SMALL CLAIMS

 

Chasing down security deposits and getting paid for money owed are two of the most common reasons people file small claims suits. But apart from a few restrictions, just about any dispute can be taken to small claims court - provided the amount of money requested falls within the maximum allowed by state law.

In small claims court, there are no attorneys, juries or special courtroom procedures. Most of the time, the only people involved are you, your opponent and the judge.

In recent years many states have increased the maximum amount you can recover. Plus, court judgments have become increasingly simple to collect.

If you've failed to settle your dispute with phone calls and letters, we take the hassle out of filing a small claims case. You don't have to struggle with court forms or time-consuming filing procedures. Simply answer a few questions, and we will take care of the rest. We will create the necessary forms for you and can even file them with the proper court.
 

Determining the Maximum Claim for a Small Claim

Only civil cases, not criminal cases, can be brought in small claims court. Some of the most common types of cases include:

  •           • Property damage
  •           • Breach of contract and business disputes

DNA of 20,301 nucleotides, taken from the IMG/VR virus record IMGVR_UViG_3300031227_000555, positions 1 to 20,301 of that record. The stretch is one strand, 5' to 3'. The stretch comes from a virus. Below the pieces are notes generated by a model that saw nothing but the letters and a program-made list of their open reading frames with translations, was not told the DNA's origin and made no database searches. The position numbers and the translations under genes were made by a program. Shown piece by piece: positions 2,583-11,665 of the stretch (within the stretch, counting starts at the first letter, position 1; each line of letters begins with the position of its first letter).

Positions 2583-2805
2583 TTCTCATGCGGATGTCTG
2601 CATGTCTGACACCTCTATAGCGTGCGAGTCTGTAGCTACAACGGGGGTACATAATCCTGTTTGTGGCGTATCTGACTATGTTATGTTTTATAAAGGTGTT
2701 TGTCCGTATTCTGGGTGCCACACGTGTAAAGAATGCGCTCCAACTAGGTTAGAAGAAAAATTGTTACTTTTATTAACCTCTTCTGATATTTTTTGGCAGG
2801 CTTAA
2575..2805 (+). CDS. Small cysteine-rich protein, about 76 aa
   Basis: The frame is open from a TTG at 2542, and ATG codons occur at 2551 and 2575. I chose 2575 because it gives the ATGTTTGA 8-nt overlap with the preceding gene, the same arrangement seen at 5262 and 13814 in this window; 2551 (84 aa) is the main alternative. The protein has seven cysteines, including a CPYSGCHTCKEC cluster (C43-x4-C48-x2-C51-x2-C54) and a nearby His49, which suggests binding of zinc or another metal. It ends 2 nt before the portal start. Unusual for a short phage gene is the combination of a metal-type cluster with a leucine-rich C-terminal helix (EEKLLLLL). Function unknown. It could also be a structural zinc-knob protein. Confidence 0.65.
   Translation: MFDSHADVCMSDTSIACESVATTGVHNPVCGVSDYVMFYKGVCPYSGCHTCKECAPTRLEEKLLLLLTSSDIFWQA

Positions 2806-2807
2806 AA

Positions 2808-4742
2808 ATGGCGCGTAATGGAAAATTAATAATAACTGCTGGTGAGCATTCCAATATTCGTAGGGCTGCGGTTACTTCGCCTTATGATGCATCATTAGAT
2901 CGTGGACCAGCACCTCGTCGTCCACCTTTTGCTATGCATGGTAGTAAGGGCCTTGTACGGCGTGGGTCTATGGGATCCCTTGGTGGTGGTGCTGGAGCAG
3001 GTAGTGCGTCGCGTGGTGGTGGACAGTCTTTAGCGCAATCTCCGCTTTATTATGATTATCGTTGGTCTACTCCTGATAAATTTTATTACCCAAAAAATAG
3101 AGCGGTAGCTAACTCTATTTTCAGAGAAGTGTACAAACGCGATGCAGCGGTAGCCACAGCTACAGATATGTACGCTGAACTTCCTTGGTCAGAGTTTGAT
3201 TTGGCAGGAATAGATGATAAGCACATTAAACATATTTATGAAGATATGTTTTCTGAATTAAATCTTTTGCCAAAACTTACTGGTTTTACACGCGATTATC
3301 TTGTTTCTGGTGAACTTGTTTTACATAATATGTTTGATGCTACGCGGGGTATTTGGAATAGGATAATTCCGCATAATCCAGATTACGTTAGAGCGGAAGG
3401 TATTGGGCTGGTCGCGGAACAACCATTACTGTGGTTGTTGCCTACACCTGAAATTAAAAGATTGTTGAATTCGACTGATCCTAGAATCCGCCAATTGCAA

•           • Defective product or unsatisfactory service
  •           • Landlord-tenant disputes
  •           • Fraud
  •           • Accidents and personal injury
  •           • Unpaid debts
 

However, many types of cases are not suitable for small claims court. For example, if you already have a court judgment in your favor but the person has not paid, then you would need to enforce your current judgment, not file a new case. Small claims court is also not appropriate for landlords seeking to evict a tenant (but it can still be used to collect unpaid back rent).

Furthermore, every state has a monetary limit as to how much you can recover from a small claims case. The maximum claim amounts in California is $7,500.
 

Filing Your Small Claim Case

In order to begin a small claims action, you must prepare the proper legal documents and file them in the appropriate courthouse.

The legal documents are typically known as "pleadings" or "statements of claim". They set forth the basic facts of the case, such as what happened, where and when, how much you hope to recover, and what attempts you made to obtain payment.

If your case involves a business you own, you will need to file the small claims case on behalf of your company. Corporations, LLCs and sole proprietorships can all take advantage of small claims court. However, you should be aware that sole proprietorships operating under a trade name or DBA must have the DBA registered with the proper government authority. For instance, if John Smith, a sole proprietor, operates his business under the name Speedy Plumbing, then the trade name Speedy Plumbing must be registered before he can bring the small claims case.

Make sure you know the legal name of the person or business you're trying to sue, along with their address and telephone number. Any other information you can obtain, such as the defendant's employer or Social Security number can help you in locate him or her and later, in collecting a judgment.